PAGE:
VCV Rack & Modular Synthesis
Explore modular synthesis using open-source virtual modular synthesizer, VCV Rack. Modular synthesis can get a bit technical but it can also yield unique and highly customised results.
If you’re interested in learning how to use a modular synth, or VCV Rack in particular, this course will set you on the right path with professional instruction and techniques you can start using right away.
A Thorough Introduction to VCV Rack and Modular Synthesis
In this course we will look at VCV Rack, an Open-source virtual modular synthesizer, it is modelled and behaves like a real world modular synth and even has some modules that are replicas of hardware. It was originally standalone only but recent updates have introduced communication to and from a DAW, using a method similar to Rewire, along with better stability. This course is an introduction to Rack and how to use a Modular Synthesiser.
There are a myriad of modules available, this course will cover the basics of CV and gate routing and setting up a basic patch. While this course will mainly focus on using the software as a standalone synth we will also look at incorporating it into an arrangement within a DAW.
- Watch, Listen and Learn – our easy to follow video instruction introduce you to classic techniques and technical insights
- 6 walkthrough videos providing an introduction to Rack and how to use a Modular Synthesiser
► Introduction to VCV Rack
► Creating a basic patch
► Adding further modules to the basic patch
► Adding Envelope modulation and a VCA
► Modulating modules
► More modulation using a sequencer, utilities and VCAs
- Total runtime 90 minutes
- Practical instruction by an experienced tutor
- Learn at your own pace, watch as many times as you need to learn the lessons
ABOUT YOUR TUTOR
Alan Gleeson is a musician with 20 years professional experience working in all areas of audio production.
His interest in electroacoustic music, live performance and the science of sound give him a unique and profound perspective on sound creation and music production, knowledge that he is passionate about both sharing as an educator and developing as an evolving sound artist.
Technical skill with an experimental approach to sound.
- Lesson 1: Introduction to VCV Rack, Installing and setting up the application and setting up DAW routing
This first video will be an overview of installing the software and the website where you can download additional modules, which are the individual devices within Rack. These devices generate the signals on which a modular synth operates. These signals are audio signals that go from 20 – 20kHz, which are typically the output of audio generating devices such as oscillators. Then we have Control Voltage signals or CV signals, which generally are at sub audio rates less the 20 Hz, though not always, and are a changing voltage that can be used to modulate the parameters of other modules. Typical control voltage sources are LFOs and Envelopes. And we have gate signals. These are also CV signals but are in the form of a pulse and are used to gate and trigger devices. A gate sequencer would an example of a gate or trigger device but there are many others. We also have devices that process, mix and modify all these signals.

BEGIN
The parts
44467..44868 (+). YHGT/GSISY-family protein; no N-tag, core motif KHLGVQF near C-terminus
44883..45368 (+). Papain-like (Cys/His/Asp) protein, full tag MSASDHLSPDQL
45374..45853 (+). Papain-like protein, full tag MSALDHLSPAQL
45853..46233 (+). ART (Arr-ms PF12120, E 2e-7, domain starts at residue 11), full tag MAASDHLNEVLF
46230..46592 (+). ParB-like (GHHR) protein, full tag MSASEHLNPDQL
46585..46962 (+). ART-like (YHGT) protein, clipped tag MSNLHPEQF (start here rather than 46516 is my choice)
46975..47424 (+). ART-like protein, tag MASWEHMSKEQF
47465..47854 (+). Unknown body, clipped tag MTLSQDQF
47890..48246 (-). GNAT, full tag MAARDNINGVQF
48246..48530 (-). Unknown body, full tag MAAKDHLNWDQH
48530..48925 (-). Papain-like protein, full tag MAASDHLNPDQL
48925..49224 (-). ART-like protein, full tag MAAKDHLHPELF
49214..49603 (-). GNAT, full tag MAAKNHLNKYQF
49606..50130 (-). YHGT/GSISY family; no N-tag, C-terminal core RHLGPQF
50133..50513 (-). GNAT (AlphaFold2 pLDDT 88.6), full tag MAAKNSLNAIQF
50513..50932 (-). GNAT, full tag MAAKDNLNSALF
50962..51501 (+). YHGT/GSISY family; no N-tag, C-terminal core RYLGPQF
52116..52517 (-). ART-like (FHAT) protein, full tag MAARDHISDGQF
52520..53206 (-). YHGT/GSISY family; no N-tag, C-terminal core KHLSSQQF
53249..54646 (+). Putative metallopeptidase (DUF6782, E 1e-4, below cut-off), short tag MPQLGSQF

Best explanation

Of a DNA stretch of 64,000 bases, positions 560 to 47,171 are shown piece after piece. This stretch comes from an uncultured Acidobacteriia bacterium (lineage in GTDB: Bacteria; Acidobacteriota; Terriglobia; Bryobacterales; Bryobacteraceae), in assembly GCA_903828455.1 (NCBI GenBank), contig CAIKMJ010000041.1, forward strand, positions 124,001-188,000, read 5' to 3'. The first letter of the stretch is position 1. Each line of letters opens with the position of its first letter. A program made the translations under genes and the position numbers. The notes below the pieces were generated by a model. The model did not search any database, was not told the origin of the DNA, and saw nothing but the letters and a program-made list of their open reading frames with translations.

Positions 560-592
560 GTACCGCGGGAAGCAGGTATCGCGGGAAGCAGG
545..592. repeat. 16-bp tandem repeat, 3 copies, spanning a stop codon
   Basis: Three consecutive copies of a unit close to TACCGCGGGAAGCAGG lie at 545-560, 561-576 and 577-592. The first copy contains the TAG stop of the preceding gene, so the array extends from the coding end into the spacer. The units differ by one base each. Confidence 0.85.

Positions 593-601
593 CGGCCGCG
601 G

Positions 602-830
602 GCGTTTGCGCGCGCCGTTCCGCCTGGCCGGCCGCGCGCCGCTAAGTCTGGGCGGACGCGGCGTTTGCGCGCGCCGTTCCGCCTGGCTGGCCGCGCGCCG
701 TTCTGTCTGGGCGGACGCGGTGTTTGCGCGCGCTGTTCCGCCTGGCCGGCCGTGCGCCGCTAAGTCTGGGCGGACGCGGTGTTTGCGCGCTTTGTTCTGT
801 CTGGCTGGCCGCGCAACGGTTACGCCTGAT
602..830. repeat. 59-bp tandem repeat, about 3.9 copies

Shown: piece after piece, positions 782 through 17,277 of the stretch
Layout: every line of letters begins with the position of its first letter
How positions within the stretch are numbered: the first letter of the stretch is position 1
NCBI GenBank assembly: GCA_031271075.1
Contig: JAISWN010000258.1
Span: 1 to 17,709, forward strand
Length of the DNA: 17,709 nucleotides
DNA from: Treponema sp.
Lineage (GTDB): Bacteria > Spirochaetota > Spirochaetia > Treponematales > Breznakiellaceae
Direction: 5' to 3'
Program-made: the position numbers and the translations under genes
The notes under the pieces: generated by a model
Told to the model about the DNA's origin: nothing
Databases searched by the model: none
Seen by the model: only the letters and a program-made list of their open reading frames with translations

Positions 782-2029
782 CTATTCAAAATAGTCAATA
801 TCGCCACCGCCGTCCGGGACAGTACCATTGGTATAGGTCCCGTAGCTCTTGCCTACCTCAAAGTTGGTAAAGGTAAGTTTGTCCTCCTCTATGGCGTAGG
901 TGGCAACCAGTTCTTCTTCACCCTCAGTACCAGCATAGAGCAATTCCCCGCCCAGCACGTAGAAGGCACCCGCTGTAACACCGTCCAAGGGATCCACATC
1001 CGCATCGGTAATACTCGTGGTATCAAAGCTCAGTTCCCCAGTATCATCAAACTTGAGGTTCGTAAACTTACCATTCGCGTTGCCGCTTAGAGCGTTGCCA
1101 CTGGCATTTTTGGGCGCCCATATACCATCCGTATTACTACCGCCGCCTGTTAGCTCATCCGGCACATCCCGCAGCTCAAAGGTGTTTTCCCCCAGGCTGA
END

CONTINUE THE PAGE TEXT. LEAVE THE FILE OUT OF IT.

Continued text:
- Lesson 2: Creating a basic patch – exploring basic signal flow using the model of the Minimoog. Step one, sound generation – understanding oscillators
In this video video we are going to look at creating a basic patch. The patch will be loosely based on the Minimoog, a classic synth that inspired the model for a thousand other synths and still an incredibly popular format today. Setting up a familiar synth architecture will allow easy understand of the routing and results.
- Lesson 3: Adding further modules to the basic patch; a 2nd oscillator, mixer, filter. Exploring hard sync and an introduction to frequency modulation.
In this video we will look at adding a 2nd oscillator and the various ways it can interact with the first oscillator to produce various timbres. From there we add a mixer to combine these signals before routing the output of the mixer into a filter that allows us to shape the harmonic content of the sound.
- Lesson 4: Adding Envelope modulation and a VCA.
A synth patch is lifeless without modulation. In this video we will introduce dynamic timbre and amplitude modulation through the application of ADSR modules.
- Lesson 5: Modulating modules; externally from Ableton and internally using LFO’s and utility modules.
Expanding upon the modulation applied in the previous video this video demonstrates how to add modulation from additional sources. Modulation can come from from your DAW in various forms. We introduce LFO modules and additional utility modules to bring animation and excitement to the patch and you will start to see the true power of modular synthesis.
- Lesson 6: More modulation using a sequencer, utilities and VCAs.
In this final video we introduce a sequencer and demonstrate the modulation it can bring to a patch. Not only for controlling pitch, these powerful modules can be applied to various destinations within a patch to add accents, timbre changes, and rhythm. Combined with the utility devices can offer a myriad of sound design and compositional possibilities.